Practice What You Speak.

TAPPED readers, please welcome Tova Wang as an occasional contributor to the blogTova is a nationally known expert on election reform and political participation and a senior democracy fellow at Demos.

New Census data released yesterday shows more than ever that there is a need for English language education. Yet despite moves by states to make English the "official" language, when it comes to providing opportunities for immigrants to learn English -- including naturalized citizens and those who seek to naturalize -- they're not quite as zealous.

According to Census figures, 78 percent of naturalized citizens speak a language other than English at home compared with 19.6 percent of the overall population. Of those speaking a language other than English at home, 44 percent reported that they did not speak English "very well," while 8.6 percent of the total population does not speak English very well.

Politicians and activists pay a lot of lip service to the importance of English. Just this November, Oklahoma voters passed a referendum making English the "official language" of the state, joining several others that already have such provisions. This means no state business can be conducted in another language -- even potentially when it comes to providing medical services and information about education and voting.

At the same time, these state legislatures and the "English only" promoters don't seem too concerned about the reality of English language instruction. According to a 2007 report by the Migration Policy Institute, many states report long waiting lists for English classes, indicating high levels of unmet demand:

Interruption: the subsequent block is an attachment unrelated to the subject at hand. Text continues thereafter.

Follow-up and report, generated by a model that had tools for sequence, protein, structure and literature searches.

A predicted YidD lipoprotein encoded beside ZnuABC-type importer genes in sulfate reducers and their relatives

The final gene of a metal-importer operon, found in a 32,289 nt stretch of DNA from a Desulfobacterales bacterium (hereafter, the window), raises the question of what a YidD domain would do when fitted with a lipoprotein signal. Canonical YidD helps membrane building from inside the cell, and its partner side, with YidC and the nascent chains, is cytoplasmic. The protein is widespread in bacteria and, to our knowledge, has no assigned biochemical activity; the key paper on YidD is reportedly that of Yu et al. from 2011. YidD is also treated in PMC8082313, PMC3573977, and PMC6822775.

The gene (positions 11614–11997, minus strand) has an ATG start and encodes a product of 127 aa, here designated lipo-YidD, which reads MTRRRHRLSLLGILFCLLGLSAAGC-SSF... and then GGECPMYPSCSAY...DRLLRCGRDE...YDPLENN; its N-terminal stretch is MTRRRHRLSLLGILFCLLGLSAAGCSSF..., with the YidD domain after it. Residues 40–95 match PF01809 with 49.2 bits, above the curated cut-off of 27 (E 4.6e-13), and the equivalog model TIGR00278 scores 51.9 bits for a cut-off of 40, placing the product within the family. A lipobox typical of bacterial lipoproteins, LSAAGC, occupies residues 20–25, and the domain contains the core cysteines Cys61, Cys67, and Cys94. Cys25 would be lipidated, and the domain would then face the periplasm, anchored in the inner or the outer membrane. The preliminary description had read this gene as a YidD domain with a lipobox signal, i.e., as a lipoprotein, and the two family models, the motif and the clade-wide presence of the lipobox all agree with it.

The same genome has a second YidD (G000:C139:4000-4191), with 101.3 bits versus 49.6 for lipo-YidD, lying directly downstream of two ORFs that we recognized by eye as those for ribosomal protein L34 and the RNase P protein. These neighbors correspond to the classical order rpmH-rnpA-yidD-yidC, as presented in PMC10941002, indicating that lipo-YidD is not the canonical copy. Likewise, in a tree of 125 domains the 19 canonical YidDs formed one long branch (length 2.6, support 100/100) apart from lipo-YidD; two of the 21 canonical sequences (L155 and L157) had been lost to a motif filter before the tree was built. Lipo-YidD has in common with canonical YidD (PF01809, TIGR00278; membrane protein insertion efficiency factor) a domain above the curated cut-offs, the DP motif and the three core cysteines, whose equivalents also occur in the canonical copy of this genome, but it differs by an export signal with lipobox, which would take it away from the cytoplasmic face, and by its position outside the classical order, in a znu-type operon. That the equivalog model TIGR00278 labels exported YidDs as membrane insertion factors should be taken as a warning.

In recent years, the federal government has provided an estimated $250 to $300 million a year for adult ESL as part of Adult Basic Education grants to states. States have contributed an estimated $700 million a year for adult ESL. Federally funded ESL programs are currently serving about 1.1 million adults in the 50 states and District of Columbia.

But MPI estimated that, even in a best-case scenario, an additional $200 million per year for six years would be needed to meet demand. That's because they estimate that several million immigrants need English language instruction to pass the naturalization exam and/or to have the necessary skills to participate in the country's civic life.

Most immigrants are yearning to learn English. They know how important it is. And even with differences over immigration reform, Americans can all agree that people living here should have the opportunity to learn enough English so that they can be active participants in our communities, and we can all succeed economically.

We have got to step it up when it comes to providing instruction in English by making it an integral part of federal and state budget plans. And states should stop passing silly English-only laws that threaten the health, safety, and democratic rights of millions.

-- Tova Wang

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